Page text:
The new HD-662 EVO are the closed version at the same price; apparently they're better than the 681... after some very easy mods they are very good.
_________________________
Mark

Kawai CA97 | YouTube Channel

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#2510289 - Yesterday at 08:43 PM Re: Headphones for Digital Piano [Re: moderhuske]
mcoll Offline
Full Member

Registered: 11/28/14
Posts: 126
Loc: Europe
Although they're ridiculously cheap compared to your budget, I'm also a happy owner of the Superlux HD-681 EVO mentioned above (priced at 29 euros / 33$). People with 200-300 euros headphones have listened to them and concluded they sound surprisingly good for the price.
I also feel they have a dark sound, unfortunately bought them based on reviews and a preference for the style/package (detachable cables, velour pads), only having tried other similar models from Superlux and Samson (same stuff) but with different sound characteristics. With a little modding they become a bit more open and balanced, but I still plan on getting the Samson SR-850 as well, which sound a lot more open and better balanced, better suited for classical, jazz and playing the piano.
Both are semi-open and are relatively easy to drive so the can be used with a phone as well.
If you're willing to experiment, you might discover these will easily please you, before spending a couple of times more than this.
Wish I could've tried some Grados as well, since I keep hearing about them, but they're not easy to come by in this part of the world, and they still cost 2-3 times more even for their cheapest offerings.

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#2510346 - Today at 03:36 AM Re: Headphones for Digital Piano [Re: moderhuske]
Hendrik42 Offline
500 Post Club Member

Registered: 01/19/15
Posts: 524
Loc: Germany
After starting with 30-40 EUR Sennheiser HD 205, I switched to Sennheiser HD 598 on Christmas. I did not test much. They were recommended here and they were on sale just before Christmas and that sealed it. They are a whole other dimension than the HD 205. I am really happy that I have them.

Now I know that the HD 205 actually do DPs a disservice, they add "brilliance" in the middle to high end that does not help.

So if you want to compare, it is quite important that you compare on DPs or at least with music created on DPs I think. So if you can not test them at home, bring a recording of something that you played at home.
_________________________
Kawai CN35. Daughter wanted a piano, so we got one. Now who'll learn faster? ;-)

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#2510353 - Today at 04:38 AM Re: Headphones for Digital Piano [Re: moderhuske]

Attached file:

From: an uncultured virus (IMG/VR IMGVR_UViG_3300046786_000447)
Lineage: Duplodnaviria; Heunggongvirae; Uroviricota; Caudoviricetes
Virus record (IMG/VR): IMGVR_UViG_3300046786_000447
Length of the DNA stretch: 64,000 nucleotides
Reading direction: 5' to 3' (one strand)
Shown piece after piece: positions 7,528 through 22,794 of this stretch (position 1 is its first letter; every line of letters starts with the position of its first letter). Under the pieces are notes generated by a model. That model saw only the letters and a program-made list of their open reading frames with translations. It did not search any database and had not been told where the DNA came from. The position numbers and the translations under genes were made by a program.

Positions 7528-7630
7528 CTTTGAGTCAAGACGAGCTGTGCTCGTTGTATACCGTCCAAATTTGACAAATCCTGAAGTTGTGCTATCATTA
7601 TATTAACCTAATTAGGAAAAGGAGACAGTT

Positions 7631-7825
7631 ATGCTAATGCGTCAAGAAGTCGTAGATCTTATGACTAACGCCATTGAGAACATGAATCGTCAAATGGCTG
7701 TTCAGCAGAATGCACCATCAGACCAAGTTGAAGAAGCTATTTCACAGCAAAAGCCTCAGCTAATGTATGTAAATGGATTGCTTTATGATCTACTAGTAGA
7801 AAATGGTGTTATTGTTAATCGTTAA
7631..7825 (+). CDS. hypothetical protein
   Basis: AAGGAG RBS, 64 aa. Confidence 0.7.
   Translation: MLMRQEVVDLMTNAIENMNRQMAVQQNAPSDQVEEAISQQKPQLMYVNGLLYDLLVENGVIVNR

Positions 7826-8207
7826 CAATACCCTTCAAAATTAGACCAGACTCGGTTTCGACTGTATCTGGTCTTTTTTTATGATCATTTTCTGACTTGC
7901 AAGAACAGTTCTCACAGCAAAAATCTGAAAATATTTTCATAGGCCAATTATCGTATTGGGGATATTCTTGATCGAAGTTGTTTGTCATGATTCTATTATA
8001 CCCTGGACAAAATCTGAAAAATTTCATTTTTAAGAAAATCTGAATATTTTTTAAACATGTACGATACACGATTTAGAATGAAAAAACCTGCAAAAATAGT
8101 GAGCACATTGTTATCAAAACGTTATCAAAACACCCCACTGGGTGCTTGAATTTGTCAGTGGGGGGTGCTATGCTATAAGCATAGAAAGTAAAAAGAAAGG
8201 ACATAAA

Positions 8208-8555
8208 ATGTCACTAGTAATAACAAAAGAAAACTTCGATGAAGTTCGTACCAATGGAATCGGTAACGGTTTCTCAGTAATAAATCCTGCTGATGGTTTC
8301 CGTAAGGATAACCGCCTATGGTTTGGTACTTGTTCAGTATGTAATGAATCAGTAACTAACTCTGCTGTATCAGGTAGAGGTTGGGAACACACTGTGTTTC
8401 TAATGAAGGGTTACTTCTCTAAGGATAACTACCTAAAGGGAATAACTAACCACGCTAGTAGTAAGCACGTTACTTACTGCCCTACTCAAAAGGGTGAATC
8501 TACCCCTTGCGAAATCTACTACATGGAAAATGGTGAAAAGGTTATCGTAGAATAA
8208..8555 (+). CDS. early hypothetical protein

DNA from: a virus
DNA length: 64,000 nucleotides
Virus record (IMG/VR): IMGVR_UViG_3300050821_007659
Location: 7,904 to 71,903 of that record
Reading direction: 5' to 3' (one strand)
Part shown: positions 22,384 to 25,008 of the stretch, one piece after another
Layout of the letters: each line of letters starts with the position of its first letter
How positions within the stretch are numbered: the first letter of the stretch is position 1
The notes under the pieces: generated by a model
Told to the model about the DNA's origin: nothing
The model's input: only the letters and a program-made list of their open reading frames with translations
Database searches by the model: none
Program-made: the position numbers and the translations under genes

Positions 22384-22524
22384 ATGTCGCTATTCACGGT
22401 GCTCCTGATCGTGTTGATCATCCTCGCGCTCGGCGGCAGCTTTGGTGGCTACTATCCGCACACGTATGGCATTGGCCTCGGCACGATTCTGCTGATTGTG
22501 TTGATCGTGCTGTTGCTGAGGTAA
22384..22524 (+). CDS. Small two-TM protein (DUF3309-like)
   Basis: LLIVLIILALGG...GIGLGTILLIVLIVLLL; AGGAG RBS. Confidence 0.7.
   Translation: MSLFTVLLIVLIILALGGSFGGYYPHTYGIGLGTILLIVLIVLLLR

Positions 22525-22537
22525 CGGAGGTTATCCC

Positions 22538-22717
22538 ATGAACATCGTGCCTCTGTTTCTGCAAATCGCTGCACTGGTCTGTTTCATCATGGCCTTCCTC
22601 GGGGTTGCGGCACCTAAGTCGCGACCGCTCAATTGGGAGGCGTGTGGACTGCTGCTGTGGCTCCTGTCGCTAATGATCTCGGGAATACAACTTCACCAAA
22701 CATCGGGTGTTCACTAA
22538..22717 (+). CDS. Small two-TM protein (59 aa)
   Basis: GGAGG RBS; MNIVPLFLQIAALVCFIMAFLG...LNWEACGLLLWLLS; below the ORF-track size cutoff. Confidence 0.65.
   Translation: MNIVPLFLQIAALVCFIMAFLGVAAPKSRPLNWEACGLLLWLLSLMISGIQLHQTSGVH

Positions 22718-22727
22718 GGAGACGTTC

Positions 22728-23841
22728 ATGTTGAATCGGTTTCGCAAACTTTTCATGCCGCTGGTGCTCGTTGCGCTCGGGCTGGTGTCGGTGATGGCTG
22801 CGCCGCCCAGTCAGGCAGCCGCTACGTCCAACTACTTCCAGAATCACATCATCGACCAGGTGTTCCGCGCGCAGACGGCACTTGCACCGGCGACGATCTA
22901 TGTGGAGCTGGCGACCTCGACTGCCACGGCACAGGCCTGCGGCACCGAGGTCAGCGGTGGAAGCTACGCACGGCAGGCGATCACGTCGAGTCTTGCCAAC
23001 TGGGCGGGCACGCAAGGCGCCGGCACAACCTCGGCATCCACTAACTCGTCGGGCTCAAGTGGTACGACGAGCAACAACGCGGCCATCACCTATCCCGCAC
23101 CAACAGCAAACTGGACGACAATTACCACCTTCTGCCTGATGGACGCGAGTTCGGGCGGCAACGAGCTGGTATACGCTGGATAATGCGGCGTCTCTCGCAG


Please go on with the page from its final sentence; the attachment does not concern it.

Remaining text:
Giin Online   content
Full Member

Registered: 02/27/12
Posts: 22
Loc: Finland
Having gone through a lot of headphones in my time all I can really say is that beyond the 200-300€ range the returns start to diminish quite rapidly. When you get to the high-end range you are paying as much for the casing, build quality (like all metal finishing etc.) and brand as for the actual sound. That being said I currently run the Sennheiser HD-800s on my piano, which go well into audiophile territory. The main reason for this is build quality and comfort rather than sound quality. I've owned Grado RS-1s and really cannot wear any Grado phones for long periods. I've also had Audeze LCD-2s which I can wear for 15 minutes max before getting a headache. Beyond this I've had top of the range models from Denon, AKG and Sennheiser. Out of all these I personally prefer the Sennheiser sound for classical music, but it cannot be stated enough that this is a personal choice. And really having owned HD-650s for years I do prefer the 800s beyond them. A more "budget" option could be the HD-700 which can be had for 400-500 euros, but I have not tried them personally.

Beyond speculation there is one actual budget headphone that I would like to add to this list as a recommendation: Sennheiser HD-25s. They can be had for around 100 euros and are a closed design originally meant for DJing. I have a pair on my computer and have always liked the sound.


Edited by Giin (Today at 04:39 AM)

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#2510354 - Today at 04:39 AM Re: Headphones for Digital Piano [Re: moderhuske]
Dave Horne Online   content
5000 Post Club Member

Registered: 07/07/04
Posts: 5429
Loc: Vught, The Netherlands
One feature that has nothing to do with sound but usually appears with the more expensive models - cables that can be easily removed and replaced.

I've accidentally destroyed headphones in the past by catching the cable on something which either broke the cable or messed up the connection. I've tried to solder headphone cable and it's not easy.

All my headphones now have cables that can be easily removed or simply pop out if the cable catches on something. It would be great if all headphones had that feature.